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This is a free digital copy of a book that has been carefully scanned by Google as part of a project to make the world's books discoverable online. To make this print edition available as an ebook, we have extracted the text using Optical Character Recognition (OCR) technology, and further improved the text to ensure its accuracy and legibility across different screen sizes and devices. Google is proud to partner with libraries to make this book available to readers everywhere.
More-over, it may be regarded as a fortunate circumstance that the three works, here reproduced with amazing fidelity in facsimile, represent happily the very chefs d'oeuvre of his wonderful productions; in their respective categories, preserving the best examples of his remarkable genius as an imaginative creator of vivid pictures, alike stirring and animated, and representing at one glance his vast dramatic powers, his mastery of the humorous side of life, and the intensity he was consistently able to infuse into terrible and tragic scenes.
It is noteworthy that the inimitable artist George Cruikshank but rarely pro-duced finished water-colour drawings; the bulk of his prolific and familiarly rec-ognised designs for book illustrations were mostly dainty pencil sketches, occa-sionally finished in pen and ink. It is a problem difficult to solve satisfactorily whether, beyond the three memorable instances of the works here reproduced in facsimile, there are in existence any other complete suites of original illustrations by George Cruikshank—that is to say, fully executed by his master hand as finished water-colour drawings.
Tinted sketches may be found in the prized possessions of Cruikshank collectors, and spirited studies for many of his favourite and most successful subjects have been cleverly touched in with watercolours; for instance, such as certain of his original drawings as designed for the illustrations of Harri-son Ainsworth's Tower of London, and the clever historical and picturesque series of Windsor Castle designs; these are, however, to be regarded as exceptional cases, for the bulk of these most successful and popular designs were carefully executed in pencil, or occasionally outlined with the pen, and highly finished with washes of warm sepia. It is worthy of recollection that Cruikshank was a most dexterous artist in this monochrome branch, his earlier artistic experiences having been al-most exclusively in the walk of aqua-tinted etchings; all his early book illustrations, his caricatures, and satirical plates—social or political—were uniformly etched by his hand in the most spirited fashion, after his ready sketches and rough studies, and when the outline etching was bitten in, Cruikshank elaborately worked out his colour suggestions, for light and shade, with a brush over the first-etched outline, in tones of sepia or Indian ink, for the guidance of the professional 'aquatinters'—the school of artists to whose trained skill was entrusted the task of completing these plates to produce the effect of highly finished washed drawings in mono-chrome.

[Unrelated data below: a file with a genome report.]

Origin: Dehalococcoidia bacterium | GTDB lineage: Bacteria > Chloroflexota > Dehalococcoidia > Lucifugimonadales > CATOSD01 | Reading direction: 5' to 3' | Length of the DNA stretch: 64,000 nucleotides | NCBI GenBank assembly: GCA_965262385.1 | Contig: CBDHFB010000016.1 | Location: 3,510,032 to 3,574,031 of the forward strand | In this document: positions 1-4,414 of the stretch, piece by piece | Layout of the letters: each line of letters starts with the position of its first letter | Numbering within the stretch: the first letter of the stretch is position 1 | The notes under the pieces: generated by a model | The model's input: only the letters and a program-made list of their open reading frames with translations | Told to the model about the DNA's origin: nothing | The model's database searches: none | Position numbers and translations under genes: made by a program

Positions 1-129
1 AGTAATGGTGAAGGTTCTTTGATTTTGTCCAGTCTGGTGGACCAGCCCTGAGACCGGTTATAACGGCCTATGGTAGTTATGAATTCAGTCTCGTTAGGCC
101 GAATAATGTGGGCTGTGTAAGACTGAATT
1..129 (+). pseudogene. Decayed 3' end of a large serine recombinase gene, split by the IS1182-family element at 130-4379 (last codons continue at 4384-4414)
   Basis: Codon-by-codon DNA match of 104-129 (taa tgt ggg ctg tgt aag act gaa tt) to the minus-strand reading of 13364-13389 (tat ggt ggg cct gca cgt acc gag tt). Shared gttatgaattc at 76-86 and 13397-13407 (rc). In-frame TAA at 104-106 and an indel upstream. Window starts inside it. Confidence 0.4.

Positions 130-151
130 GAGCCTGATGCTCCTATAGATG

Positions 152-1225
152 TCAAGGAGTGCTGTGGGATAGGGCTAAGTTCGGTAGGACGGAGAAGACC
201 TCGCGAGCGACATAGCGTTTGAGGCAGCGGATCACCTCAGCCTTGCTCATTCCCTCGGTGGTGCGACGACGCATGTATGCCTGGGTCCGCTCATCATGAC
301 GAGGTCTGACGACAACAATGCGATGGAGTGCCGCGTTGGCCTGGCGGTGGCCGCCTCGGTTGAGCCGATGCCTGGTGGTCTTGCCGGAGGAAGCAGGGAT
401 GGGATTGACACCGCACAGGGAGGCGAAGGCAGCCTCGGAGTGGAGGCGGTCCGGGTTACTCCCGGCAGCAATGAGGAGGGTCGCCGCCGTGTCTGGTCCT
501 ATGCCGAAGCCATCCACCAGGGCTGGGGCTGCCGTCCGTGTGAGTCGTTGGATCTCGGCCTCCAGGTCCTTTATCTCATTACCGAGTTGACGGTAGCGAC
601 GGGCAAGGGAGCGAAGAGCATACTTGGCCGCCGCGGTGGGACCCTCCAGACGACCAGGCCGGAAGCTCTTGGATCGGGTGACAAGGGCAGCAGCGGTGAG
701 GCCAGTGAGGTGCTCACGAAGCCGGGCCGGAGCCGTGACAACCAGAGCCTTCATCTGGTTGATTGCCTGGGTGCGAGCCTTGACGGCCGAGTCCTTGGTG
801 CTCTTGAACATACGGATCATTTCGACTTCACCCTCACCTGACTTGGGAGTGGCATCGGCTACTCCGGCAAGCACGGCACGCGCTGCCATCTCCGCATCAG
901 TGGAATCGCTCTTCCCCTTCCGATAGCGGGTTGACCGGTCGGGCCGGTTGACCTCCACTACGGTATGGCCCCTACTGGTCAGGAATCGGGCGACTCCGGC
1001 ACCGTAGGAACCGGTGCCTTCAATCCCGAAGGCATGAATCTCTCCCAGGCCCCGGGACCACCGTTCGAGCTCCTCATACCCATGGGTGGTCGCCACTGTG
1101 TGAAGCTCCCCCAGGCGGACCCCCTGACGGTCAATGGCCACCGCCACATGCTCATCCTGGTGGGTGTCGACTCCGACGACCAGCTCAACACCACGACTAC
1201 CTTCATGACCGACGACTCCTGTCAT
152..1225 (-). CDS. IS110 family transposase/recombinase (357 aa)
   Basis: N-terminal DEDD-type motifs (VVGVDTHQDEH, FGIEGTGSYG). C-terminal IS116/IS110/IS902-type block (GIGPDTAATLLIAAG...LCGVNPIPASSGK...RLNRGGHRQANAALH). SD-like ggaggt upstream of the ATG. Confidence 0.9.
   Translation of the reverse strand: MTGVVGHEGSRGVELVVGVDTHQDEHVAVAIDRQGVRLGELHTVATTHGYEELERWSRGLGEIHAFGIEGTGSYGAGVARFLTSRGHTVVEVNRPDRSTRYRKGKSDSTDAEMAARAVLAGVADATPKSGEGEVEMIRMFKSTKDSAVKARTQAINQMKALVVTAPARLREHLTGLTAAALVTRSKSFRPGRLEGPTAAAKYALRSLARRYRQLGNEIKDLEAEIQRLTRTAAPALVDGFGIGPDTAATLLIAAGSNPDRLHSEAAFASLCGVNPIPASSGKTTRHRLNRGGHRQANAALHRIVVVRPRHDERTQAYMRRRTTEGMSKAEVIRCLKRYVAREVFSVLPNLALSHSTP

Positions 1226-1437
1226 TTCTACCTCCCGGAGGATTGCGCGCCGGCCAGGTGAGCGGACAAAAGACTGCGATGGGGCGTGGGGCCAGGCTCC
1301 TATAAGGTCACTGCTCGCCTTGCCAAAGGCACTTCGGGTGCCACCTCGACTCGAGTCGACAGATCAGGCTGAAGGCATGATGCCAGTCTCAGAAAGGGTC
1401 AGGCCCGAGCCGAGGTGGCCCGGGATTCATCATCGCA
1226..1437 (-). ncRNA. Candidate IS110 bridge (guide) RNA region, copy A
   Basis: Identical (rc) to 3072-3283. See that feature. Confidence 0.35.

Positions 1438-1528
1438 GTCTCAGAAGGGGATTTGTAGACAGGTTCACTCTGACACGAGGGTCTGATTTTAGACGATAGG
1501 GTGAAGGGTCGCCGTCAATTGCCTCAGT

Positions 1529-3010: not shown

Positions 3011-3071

By this, his youthful practice, George Cruikshank had acquired remarka-ble dexterity, his original pen-and-ink designs, and the outline etchings, after his earlier book illustrations, being worked up in monochrome to the dainty finish of delicate miniatures, in which art both his father Isaac and his brother Isaac Robert were first-class proficients, as he himself has recorded with pride in describing the special gifts and qualifications which distinguished the Cruikshank family.
ABOUT THE AUTHOR;
George Cruikshank (1792 – 1878) was a British caricaturist and book illustrator, praised as the "modern Hogarth" during his life. His book illustrations for his friend Charles Dickens, and many other authors, reached an international audience.
Cruikshank was born in London. His father, Isaac Cruikshank, was one of the leading caricaturists of the late 1790s and Cruikshank started his career as his father's apprentice and assistant.
His older brother, Isaac Robert, also followed in the family business as a caricaturist and illustrator. Cruikshank's early work was caricature; but in 1823, at the age of 31, he started to focus on book illustration. He illustrated the first, 1823 English translation (by Edgar Taylor and David Jardine) of Grimms' Fairy Tales, published in two volumes as German Popular Stories.
On 16 October 1827, he married Mary Ann Walker (1807–1849). Two years after her death, on 7 March 1851, he married Eliza Widdison. The two lived at 263 Hampstead Road, North London.
Upon his death, it was discovered that Cruikshank had fathered 11 illegitimate children with a mistress named Adelaide Attree, his former servant, who lived close to where he lived with his wife. Adelaide was ostensibly married and had taken the married surname 'Archibold'.
Perhaps no writer in the English language is more closely associated with orphaned characters than Charles Dickens. The trials and dangers for children without parental protection play a significant part in nearly all his work, as both a source of highly entertaining melodrama and pointed social criticism.